A Chicago coffee shop that focuses on mental health wants to make sure its customers have a place to "talk about hard stuff."
Christopher LeMark, the founder of "Coffee, Hip-Hop and Mental Health," has dealt with trauma for much of his life after being "abandoned and abused for a span of 12 years." LeMark said that he didn't know either of his parents and struggled with "a lot of complications," including "physical, mental and emotional abuse" for 30 years of his life.
In 2018, that trauma caught up to him, and he "started crying uncontrollably" in a Starbucks in Chicago's Southside neighborhood.
"I just couldn't stop ... So I went to therapy," LeMark, a hip-hop artist and performer, told TODAY's Carson Daly. "After some challenging sessions, my therapist sat up in his seat and he said 'It wasn't your fault you were abused.' And now, for the first time, I heard it. I had been feeling like it was my fault, because that's what happens. It's so much shame that comes with being abused."
As LeMark worked through the "marathon" that is healing from trauma, he felt called to help others do the same. He went home and wrote down "coffee," "mental health" and "hip-hop" - three phrases that symbolized healing to him.
"I wrote down 'coffee' because of the mental and emotional breakdown happened inside of a coffee shop," LeMark explained. "Hip-hop saved my life from committing suicide. I always had a chance to write. It was my first form of therapy. And 'mental health,' because in my community we're taught to survive and we weren't talking about it, so I wanted to normalize this conversation."
With that, LeMark opened "Coffee, Hip-Hop, and Mental Health," a non-profit organization where every hip-hop inspired drink sold helps fund free therapy sessions for individuals in need. LeMark said that initially, he wanted to sell enough coffee and merchandise to send 250 people to therapy. One woman, public school teacher Faith Overall, was among those first helped by the program.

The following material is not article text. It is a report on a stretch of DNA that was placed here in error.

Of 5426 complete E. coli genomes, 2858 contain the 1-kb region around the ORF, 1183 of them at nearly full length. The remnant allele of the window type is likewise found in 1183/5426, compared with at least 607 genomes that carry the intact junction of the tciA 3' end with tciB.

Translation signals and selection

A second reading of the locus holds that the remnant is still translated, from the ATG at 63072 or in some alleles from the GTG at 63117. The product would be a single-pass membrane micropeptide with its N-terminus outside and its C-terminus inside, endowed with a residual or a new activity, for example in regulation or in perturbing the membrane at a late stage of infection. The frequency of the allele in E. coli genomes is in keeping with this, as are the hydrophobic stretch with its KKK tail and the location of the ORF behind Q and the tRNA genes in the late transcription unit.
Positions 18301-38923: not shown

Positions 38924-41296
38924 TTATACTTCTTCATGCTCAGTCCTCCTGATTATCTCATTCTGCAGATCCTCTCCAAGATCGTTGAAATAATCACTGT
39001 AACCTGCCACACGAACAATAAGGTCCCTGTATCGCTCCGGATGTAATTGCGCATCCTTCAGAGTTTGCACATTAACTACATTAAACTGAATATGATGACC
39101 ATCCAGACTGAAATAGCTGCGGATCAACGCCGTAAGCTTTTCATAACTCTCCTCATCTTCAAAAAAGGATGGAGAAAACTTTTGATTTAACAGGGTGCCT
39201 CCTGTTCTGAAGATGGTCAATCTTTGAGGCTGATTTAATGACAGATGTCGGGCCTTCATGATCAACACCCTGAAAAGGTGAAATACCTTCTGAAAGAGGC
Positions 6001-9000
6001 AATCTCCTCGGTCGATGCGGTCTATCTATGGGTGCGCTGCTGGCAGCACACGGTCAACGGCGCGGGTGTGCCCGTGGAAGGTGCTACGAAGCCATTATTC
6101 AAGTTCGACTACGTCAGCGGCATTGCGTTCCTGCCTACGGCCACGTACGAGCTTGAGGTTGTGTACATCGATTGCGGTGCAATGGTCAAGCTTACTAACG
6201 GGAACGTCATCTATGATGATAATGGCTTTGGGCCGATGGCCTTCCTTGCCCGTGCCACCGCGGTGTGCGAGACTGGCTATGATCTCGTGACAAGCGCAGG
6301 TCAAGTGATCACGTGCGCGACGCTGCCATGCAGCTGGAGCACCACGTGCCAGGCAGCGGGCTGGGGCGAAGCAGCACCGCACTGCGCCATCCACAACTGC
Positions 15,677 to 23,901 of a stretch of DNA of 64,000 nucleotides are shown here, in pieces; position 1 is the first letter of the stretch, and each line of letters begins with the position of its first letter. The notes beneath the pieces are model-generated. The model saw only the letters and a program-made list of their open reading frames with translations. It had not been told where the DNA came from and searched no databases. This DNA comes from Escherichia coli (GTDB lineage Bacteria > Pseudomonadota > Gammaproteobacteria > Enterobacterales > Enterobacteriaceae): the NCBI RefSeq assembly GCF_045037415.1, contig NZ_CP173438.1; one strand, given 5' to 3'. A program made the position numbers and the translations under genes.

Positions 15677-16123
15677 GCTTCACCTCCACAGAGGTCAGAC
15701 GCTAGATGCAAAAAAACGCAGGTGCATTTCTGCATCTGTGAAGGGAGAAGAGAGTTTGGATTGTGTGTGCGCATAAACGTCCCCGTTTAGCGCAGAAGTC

"If I had to pay out of pocket, chances are I was just going to have to skip out on therapy," Overall said. "If we have to choose between what's going to provide a roof over our head and what's going to help us navigate life, we're kind of conditioned to provide the roof over our heads instead. And so having access to free therapy gave me the opportunity to actually get to what I needed to get to."
Overall said that being able to access that care made her a better educator.
"I think that you can talk to anyone, and they have a story about a teacher that harmed them," Overall said. "And chances are, that's because that teacher themself was unhealed. So if I heal myself, I have the opportunity to heal my students."
LeMark said that the nonprofit has helped him recover from his own trauma.
"You know, I spent a whole lifetime saying 'Why me, why me? Why did Mom abandon me?' And then it all hit," LeMark said. "This is why, because I was going to be used to build a platform so people can get some help. And when you think about here in Chicago, it's such a divide when it comes to having the resources, which is why we took a risk to open up this amazing coffee shop so we can say 'We're going to step out and we're going to pay for people to get some help, because healing is a marathon.'"
LeMark said that he also thinks the coffee shop has helped break the stigma around mental health and led to more candid conversations about therapy.
"When you think about going to therapy, it's almost like an uncomfortable thing," LeMark said. "I want to tell people that it's probably one of the most beautiful things you can do for yourself, and it's actually very strong to be vulnerable, to own your emotions. ... I tell people all the time, 'Healing is the new cool.' That is the new cool. And we just have to keep saying that over and over again. And that's how you re-change the narrative."
LeMark told Carson that watching the hundreds of people who have been able to attend therapy sessions start their own healing process has been the most rewarding part of the process.
"People don't come here just for a cup of coffee. They come here because of the therapeutic transaction," LeMark said. "People want to be seen, and we tell our staff 'Make sure you love on them,' and that's the issue. A lot of people are not seen. We give them the opportunity, for a single moment, to be heard and seen."
This story was originally published on Today.com.